Their setlist was a very carefully crafted combination of songs off of their previous albums: from Mass III, Mass IIII, Mass V and Mass VI to their latest album, De Doorn.
The first song they played from De Doorn was Het Gloren. An 11 minute song, it twists and turns from spoken word, to calm guitar riffs to a quick shift into their characteristical wall-of-sound, and then back again to spoken word and melancholic melodies. As all of the songs off of their latest album, the lyrics are in Flemish. Even if most (if not all) of the people present did not speak this language, the emotion carried with every word and shriek can be felt and ultimately understood – that is, in my opinion, the beauty of Amenra music: it speaks to such a raw, primal part of oneself that it can successfully transgress any barrier such as linguistic differences.
I would advise first-time listeners to view their live performances as a place where everyone present can purge their inner demons and emerge stronger, into the light. Because even if they undoubtedly create a dark atmosphere, Amenra also has a strong positive (yes, positive, stay with me) message to deliver: from the darkest of darkness, light always follows. From pain you can get hope. You can see this duality in their lyrics, as well as in the stunning video graphics that created the backdrop of the evening: always in black and white, we see running water, a solitary church that is seen from afar, thorns and horned beetles. Every imagery used in their shows carries a meaning, nothing is left for change: for example the beetle and thorns that are currently prevalent in their tour, Colin explained in an interview, come from his fascination from nature’s way of protecting itself from harm, by becoming stronger, by using thorns and hard shells as protection.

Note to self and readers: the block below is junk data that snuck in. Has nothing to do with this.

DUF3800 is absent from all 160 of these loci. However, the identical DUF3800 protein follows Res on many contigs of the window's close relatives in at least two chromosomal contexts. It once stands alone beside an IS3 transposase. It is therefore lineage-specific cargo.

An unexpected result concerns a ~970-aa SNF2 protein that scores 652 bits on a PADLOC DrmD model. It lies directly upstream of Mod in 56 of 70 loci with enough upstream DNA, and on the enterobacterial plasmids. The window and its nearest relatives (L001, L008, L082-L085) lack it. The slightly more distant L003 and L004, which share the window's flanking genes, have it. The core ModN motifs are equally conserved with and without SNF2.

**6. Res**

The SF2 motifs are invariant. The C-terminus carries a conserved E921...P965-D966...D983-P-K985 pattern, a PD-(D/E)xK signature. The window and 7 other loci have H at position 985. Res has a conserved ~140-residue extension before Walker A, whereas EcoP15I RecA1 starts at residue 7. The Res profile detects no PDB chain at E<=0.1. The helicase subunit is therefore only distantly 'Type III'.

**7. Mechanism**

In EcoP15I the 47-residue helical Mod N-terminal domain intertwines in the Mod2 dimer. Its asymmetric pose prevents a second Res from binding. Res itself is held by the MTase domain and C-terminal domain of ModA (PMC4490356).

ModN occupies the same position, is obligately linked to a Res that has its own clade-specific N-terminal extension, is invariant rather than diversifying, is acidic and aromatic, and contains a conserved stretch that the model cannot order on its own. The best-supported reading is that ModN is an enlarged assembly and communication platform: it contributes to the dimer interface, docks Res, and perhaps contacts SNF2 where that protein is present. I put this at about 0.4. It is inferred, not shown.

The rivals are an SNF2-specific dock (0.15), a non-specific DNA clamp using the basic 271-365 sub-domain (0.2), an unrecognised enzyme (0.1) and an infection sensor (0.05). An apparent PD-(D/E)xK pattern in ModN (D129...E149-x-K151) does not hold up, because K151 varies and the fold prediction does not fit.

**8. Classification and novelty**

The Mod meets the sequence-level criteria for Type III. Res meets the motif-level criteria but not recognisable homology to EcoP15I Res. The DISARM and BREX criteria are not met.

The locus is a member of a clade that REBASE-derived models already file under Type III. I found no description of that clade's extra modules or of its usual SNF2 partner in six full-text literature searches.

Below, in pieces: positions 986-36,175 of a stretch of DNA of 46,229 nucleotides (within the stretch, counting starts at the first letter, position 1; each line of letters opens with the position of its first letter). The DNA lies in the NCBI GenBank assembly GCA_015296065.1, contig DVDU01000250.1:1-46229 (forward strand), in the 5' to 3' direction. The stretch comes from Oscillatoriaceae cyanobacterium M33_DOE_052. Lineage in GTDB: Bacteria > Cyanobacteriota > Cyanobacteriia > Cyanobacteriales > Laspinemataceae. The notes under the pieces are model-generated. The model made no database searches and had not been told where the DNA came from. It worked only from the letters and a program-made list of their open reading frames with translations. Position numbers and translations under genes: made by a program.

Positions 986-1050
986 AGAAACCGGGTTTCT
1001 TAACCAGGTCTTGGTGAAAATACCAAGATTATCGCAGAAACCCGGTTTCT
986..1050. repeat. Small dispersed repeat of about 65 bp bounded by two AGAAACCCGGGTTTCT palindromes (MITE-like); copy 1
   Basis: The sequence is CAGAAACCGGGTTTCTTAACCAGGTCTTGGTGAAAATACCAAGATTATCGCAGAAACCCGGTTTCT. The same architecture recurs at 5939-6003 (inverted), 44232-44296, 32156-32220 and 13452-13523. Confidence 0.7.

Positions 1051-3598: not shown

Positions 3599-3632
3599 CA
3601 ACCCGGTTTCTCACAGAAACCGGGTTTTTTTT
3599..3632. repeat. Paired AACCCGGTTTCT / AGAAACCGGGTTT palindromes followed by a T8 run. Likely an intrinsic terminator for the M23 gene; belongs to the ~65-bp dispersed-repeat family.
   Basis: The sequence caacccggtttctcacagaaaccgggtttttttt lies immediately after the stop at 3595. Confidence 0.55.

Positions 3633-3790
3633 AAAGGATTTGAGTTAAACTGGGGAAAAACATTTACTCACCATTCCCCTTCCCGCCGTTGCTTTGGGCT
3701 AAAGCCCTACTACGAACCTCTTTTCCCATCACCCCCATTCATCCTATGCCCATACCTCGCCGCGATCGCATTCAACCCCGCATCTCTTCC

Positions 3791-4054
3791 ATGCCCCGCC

Amenra likes to defy convention and preconception, even when it comes to their well-known stage performances: everyone knows that Colin prefers to sing with his back to the crowd, to be able to focus on his inner-world more while singing. Maybe defying this already established trope, or maybe just because he felt like it, this time he turned to face the audience multiple times, especially while delivering the more soft-spoken parts, as was the well-loved clean vocals on A Solitary Reign.
Seeing Amenra live is a powerful experience that cannot be expressed fully in this article. To conclude a story about what was a transformative journey for everyone present that night, I will leave you with the two words that Amenra plastered on their backdrop, at the very end of their show:
Liefde en licht
Love and Light.